Whitestone Hill State Historic Site, located 23 miles southeast of Kulm, Dickey County, marks the scene of the fiercest clash between Indians and white soldiers in North Dakota. On September 3, 1863, General Alfred Sully's troops attacked a tipi camp of Yanktonai, some Dakota, Hunkpapa Lakota, and Blackfeet (Sihasapa Lakota), as part of a military mission to punish participants of the Dakota Conflict of 1862. In the ensuing battle, many Indian men, women, and children died or were captured. Military casualties were comparatively light. The Indians also suffered the destruction of virtually all of their property, leaving them nearly destitute for the coming winter.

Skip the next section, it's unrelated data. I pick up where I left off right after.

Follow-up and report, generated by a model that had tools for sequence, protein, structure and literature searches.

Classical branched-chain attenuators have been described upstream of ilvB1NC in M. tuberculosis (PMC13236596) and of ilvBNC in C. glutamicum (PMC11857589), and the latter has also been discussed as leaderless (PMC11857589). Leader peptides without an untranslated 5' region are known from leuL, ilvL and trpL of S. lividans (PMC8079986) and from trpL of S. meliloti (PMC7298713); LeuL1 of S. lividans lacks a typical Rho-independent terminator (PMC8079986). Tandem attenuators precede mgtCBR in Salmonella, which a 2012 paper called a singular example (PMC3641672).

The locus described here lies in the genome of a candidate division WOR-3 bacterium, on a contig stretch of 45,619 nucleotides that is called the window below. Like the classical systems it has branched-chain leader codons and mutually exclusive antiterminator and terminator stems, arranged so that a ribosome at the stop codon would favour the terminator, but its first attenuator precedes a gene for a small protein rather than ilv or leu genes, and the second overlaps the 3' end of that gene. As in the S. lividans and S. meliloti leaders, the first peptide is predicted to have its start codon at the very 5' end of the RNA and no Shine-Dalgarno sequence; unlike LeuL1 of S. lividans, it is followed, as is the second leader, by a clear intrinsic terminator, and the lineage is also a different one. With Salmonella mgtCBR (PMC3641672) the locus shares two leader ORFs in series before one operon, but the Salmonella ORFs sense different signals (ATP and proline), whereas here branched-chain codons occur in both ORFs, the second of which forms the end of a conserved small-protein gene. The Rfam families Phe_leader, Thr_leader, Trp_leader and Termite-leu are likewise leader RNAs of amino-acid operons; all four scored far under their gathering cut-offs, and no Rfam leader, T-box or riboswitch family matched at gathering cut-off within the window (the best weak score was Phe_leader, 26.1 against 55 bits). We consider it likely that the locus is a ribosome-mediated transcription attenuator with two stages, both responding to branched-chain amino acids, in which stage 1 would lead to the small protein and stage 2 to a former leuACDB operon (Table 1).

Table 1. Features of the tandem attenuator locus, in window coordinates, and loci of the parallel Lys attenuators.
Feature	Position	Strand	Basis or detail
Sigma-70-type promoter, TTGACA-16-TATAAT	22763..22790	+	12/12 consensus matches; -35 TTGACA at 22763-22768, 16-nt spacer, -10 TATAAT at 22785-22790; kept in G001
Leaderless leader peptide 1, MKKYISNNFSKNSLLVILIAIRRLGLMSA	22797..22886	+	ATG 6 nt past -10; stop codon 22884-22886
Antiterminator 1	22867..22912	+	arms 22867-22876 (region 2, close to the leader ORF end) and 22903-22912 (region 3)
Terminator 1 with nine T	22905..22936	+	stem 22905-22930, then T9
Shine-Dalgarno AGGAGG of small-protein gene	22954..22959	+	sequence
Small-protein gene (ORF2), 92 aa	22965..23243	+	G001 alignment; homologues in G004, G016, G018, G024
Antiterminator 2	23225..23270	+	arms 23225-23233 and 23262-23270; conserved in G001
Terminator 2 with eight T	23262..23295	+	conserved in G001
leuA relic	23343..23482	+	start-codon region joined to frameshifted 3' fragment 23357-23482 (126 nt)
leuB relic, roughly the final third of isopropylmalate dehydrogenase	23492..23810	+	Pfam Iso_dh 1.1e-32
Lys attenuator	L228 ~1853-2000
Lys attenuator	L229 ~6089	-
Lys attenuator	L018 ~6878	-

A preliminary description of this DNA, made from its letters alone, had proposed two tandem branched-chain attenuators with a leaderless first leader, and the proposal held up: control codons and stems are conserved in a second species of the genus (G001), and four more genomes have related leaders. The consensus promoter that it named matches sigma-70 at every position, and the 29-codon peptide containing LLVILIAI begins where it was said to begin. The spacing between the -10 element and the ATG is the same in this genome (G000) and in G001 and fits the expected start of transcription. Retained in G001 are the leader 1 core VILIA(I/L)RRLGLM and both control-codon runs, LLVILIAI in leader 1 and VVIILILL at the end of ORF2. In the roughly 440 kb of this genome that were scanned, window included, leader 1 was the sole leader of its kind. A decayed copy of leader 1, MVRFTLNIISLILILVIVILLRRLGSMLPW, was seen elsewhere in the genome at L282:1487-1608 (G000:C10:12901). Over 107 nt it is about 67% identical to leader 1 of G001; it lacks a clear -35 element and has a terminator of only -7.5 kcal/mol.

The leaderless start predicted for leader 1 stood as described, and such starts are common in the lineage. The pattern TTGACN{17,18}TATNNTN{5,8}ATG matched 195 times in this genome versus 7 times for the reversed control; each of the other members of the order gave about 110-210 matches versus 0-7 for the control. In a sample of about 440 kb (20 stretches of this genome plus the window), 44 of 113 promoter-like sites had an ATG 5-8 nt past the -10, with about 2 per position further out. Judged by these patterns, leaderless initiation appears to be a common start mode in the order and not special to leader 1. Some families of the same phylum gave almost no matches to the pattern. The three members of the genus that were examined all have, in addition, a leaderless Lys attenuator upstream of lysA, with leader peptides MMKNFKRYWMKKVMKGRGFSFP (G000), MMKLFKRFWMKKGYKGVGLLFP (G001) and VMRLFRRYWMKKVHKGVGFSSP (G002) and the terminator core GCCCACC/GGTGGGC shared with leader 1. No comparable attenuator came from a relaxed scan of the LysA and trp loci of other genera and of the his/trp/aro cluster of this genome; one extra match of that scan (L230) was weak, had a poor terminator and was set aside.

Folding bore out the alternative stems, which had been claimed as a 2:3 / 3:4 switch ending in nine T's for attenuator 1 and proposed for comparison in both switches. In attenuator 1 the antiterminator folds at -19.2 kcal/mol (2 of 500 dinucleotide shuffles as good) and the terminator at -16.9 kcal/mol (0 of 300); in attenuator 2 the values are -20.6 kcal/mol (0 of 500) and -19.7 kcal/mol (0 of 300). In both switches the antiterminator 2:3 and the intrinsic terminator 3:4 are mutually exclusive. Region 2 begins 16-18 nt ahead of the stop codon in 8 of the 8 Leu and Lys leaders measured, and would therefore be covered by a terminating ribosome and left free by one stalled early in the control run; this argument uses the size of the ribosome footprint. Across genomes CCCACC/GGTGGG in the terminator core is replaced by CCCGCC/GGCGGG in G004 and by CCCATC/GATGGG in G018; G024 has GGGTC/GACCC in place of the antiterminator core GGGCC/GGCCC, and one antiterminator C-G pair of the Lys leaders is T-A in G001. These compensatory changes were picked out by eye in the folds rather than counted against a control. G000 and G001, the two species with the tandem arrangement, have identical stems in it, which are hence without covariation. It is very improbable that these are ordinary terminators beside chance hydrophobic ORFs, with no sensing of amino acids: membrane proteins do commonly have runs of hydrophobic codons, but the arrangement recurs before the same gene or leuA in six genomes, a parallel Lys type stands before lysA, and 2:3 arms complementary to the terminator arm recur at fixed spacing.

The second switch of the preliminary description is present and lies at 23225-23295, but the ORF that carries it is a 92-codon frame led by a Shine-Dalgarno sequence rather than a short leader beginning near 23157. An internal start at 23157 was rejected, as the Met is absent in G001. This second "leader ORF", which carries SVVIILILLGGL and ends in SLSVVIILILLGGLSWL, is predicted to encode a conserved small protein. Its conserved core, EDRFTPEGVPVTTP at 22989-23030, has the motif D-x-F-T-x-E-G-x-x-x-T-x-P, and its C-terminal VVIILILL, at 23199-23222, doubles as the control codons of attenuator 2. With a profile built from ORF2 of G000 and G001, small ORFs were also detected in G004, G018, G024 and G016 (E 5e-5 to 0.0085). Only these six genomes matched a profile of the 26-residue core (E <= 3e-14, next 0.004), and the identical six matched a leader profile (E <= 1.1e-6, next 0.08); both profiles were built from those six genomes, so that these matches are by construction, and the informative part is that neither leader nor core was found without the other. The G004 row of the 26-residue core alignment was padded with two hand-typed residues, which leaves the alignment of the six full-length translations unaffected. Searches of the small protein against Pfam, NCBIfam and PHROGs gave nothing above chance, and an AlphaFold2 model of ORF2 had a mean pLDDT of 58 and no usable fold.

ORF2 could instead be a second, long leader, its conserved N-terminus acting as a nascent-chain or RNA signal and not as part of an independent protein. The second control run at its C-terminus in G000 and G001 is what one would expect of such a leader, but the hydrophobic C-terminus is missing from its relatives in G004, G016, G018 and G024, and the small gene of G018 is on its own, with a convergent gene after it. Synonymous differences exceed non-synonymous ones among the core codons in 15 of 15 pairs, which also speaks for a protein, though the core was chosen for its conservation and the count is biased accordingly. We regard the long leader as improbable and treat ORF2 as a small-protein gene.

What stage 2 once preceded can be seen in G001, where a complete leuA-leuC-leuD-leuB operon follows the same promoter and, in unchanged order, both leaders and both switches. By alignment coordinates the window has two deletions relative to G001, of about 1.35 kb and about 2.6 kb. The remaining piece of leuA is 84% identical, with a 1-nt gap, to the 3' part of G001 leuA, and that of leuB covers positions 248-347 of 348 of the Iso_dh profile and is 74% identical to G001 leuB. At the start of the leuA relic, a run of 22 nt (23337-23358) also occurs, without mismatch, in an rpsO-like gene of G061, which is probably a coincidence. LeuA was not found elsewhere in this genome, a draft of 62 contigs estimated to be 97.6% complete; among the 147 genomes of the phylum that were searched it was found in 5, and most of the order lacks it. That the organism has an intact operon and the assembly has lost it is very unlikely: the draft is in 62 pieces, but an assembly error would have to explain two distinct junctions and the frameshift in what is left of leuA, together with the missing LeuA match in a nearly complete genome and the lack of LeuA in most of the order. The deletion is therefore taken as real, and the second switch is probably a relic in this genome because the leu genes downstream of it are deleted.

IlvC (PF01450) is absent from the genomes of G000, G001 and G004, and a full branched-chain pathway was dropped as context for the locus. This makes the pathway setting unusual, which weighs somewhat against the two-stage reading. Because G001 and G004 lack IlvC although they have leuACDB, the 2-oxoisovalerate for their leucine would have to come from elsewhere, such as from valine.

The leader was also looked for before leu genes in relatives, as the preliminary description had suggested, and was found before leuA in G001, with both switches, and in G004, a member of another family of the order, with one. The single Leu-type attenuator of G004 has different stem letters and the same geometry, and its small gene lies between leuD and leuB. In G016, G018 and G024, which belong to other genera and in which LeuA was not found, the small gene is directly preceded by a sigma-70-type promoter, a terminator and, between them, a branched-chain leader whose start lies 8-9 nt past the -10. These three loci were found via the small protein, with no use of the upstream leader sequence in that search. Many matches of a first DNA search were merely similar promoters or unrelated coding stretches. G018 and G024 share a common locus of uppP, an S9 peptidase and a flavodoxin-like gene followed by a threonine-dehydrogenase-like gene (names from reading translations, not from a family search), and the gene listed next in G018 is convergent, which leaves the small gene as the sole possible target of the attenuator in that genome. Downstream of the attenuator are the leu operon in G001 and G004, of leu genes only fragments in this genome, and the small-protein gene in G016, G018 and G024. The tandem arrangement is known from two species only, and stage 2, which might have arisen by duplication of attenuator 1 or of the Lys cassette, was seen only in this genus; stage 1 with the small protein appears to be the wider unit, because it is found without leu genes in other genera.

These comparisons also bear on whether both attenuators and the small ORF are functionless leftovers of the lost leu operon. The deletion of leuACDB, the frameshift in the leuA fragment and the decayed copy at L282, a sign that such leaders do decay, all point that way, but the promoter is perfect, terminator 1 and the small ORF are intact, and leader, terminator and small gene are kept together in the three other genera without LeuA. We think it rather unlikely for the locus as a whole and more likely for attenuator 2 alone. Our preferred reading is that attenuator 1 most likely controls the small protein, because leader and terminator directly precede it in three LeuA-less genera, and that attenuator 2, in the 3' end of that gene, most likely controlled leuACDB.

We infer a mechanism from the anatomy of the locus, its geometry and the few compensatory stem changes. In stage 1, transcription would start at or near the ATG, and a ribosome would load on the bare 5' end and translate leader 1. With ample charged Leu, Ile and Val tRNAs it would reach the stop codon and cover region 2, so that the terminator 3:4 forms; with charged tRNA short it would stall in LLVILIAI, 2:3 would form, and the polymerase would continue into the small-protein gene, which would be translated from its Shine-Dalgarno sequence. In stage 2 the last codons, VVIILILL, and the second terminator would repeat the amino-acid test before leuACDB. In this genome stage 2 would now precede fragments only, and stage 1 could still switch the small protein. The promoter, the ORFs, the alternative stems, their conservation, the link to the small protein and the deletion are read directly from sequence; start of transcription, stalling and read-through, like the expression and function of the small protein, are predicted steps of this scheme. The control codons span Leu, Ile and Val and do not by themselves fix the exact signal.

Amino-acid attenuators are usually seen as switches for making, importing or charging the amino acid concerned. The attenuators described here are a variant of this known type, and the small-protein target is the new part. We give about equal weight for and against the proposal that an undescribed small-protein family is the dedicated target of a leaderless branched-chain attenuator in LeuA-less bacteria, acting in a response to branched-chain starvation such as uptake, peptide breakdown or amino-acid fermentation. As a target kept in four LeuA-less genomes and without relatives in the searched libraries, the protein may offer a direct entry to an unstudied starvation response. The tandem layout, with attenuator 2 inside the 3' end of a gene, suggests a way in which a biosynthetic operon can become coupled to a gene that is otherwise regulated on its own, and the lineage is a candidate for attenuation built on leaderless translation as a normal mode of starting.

Today, Whitestone Hill State Historic Site includes a portion of the battlefield and a small museum with exhibits explaining the 1863 Sibley and Sully expeditions and the Battle of Whitestone Hill (the museum burned November 2009 and is currently being renovated). There are two monuments, one honoring the Indian dead and a second commemorating the soldiers who died in the battle. A marker also recognizes two early settlers, Tom and Mary Shimmin. A fieldstone shelter beside the trail provides a resting point overlooking part of the battlefield and a freshwater lake. Nearby is a picnic area with a shelter, table, pit toilets, and a parking lot. The site is open May 16 through September 15, Thursday through Monday. Admission is free, and donations are accepted.